Highly tunable platforms for realizing topological phases of matter are emerging from atomic and photonic systems, and offer the prospect of designing interactions between particles. The shape of the potential, besides playing an important role in the competition between different fractional quantum Hall phases, can also trigger the transition to symmetry-broken phases, or even to phases where topological and symmetry-breaking order coexist. Here, we explore the phase diagram of an interacting bosonic model in the lowest Landau level at half-filling as two-body interactions are tuned. Apart from the well-known Laughlin liquid, Wigner crystal phase, stripe, and bubble phases, we also find evidence of a phase that exhibits crystalline order at fractional filling per crystal site. The Laughlin liquid transits into this phase when pairs of bosons strongly repel each other at relative angular momentum 4ℏ. We show that such interactions can be achieved by dressing ground-state cold atoms with multiple different-parity Rydberg states.

%G eng %U https://arxiv.org/abs/1809.04493 %0 Journal Article %J Physical Review Letters %D 2017 %T Light-induced fractional quantum Hall phases in graphene %A Areg Ghazaryan %A Tobias Graß %A Michael Gullans %A Pouyan Ghaemi %A Mohammad Hafezi %XWe show how to realize two-component fractional quantum Hall phases in monolayer graphene by optically driving the system. A laser is tuned into resonance between two Landau levels, giving rise to an effective tunneling between these two synthetic layers. Remarkably, because of this coupling, the interlayer interaction at non-zero relative angular momentum can become dominant, resembling a hollow-core pseudo-potential. In the weak tunneling regime, this interaction favors the formation of singlet states, as we explicitly show by numerical diagonalization, at fillings ν = 1/2 and ν = 2/3. We discuss possible candidate phases, including the Haldane-Rezayi phase, the interlayer Pfaffian phase, and a Fibonacci phase. This demonstrates that our method may pave the way towards the realization of non-Abelian phases, as well as the control of topological phase transitions, in graphene quantum Hall systems using optical fields and integrated photonic structures.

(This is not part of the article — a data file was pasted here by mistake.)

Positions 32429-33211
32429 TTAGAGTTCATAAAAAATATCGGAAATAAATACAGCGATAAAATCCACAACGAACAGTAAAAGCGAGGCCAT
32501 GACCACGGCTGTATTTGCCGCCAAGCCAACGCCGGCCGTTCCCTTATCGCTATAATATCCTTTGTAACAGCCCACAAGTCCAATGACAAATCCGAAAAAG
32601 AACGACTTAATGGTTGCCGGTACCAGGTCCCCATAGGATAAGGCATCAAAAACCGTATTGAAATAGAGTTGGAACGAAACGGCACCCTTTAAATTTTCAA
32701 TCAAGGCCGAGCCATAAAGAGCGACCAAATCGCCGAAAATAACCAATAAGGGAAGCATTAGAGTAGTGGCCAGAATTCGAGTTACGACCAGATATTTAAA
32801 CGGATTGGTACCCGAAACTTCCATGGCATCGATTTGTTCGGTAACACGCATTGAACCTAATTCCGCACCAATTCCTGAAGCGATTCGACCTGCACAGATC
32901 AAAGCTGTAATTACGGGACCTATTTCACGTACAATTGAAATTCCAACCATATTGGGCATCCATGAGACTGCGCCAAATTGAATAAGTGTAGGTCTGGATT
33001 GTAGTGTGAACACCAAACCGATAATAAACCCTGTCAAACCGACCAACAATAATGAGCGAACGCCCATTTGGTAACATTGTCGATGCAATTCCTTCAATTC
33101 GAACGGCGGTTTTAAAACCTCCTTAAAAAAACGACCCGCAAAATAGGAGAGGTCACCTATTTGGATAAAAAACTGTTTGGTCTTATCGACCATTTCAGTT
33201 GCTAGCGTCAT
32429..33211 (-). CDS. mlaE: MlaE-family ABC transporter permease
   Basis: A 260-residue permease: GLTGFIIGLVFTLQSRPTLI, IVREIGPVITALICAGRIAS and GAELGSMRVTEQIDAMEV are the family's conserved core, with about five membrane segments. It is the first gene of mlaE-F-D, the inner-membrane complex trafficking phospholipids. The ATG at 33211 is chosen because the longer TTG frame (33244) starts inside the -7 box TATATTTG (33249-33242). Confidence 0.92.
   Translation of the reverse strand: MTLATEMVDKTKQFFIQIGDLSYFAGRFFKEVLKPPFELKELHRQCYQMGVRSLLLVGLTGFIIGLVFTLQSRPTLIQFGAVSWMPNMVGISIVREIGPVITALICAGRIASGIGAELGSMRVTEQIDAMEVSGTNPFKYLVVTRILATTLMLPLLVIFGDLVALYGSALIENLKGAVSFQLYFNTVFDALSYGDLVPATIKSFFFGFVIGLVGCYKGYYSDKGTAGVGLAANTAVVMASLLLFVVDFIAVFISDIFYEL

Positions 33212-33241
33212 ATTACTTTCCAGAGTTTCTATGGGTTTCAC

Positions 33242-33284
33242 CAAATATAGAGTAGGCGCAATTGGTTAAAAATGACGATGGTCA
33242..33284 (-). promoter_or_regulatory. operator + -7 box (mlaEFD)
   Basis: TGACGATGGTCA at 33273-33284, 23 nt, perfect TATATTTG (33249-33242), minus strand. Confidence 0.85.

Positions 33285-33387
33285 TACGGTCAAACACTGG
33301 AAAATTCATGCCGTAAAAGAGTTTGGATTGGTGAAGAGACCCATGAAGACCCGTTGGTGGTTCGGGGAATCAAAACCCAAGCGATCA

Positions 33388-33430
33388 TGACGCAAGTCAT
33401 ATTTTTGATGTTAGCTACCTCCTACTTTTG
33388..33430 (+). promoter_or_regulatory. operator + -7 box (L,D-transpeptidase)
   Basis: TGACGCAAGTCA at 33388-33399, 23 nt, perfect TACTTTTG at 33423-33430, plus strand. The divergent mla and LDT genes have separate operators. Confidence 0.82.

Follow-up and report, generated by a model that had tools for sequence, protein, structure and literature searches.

%B Physical Review Letters %V 119 %P 247403 %8 2017/12/15 %G eng %U https://arxiv.org/abs/1612.08748 %N 24 %R 10.1103/PhysRevLett.119.247403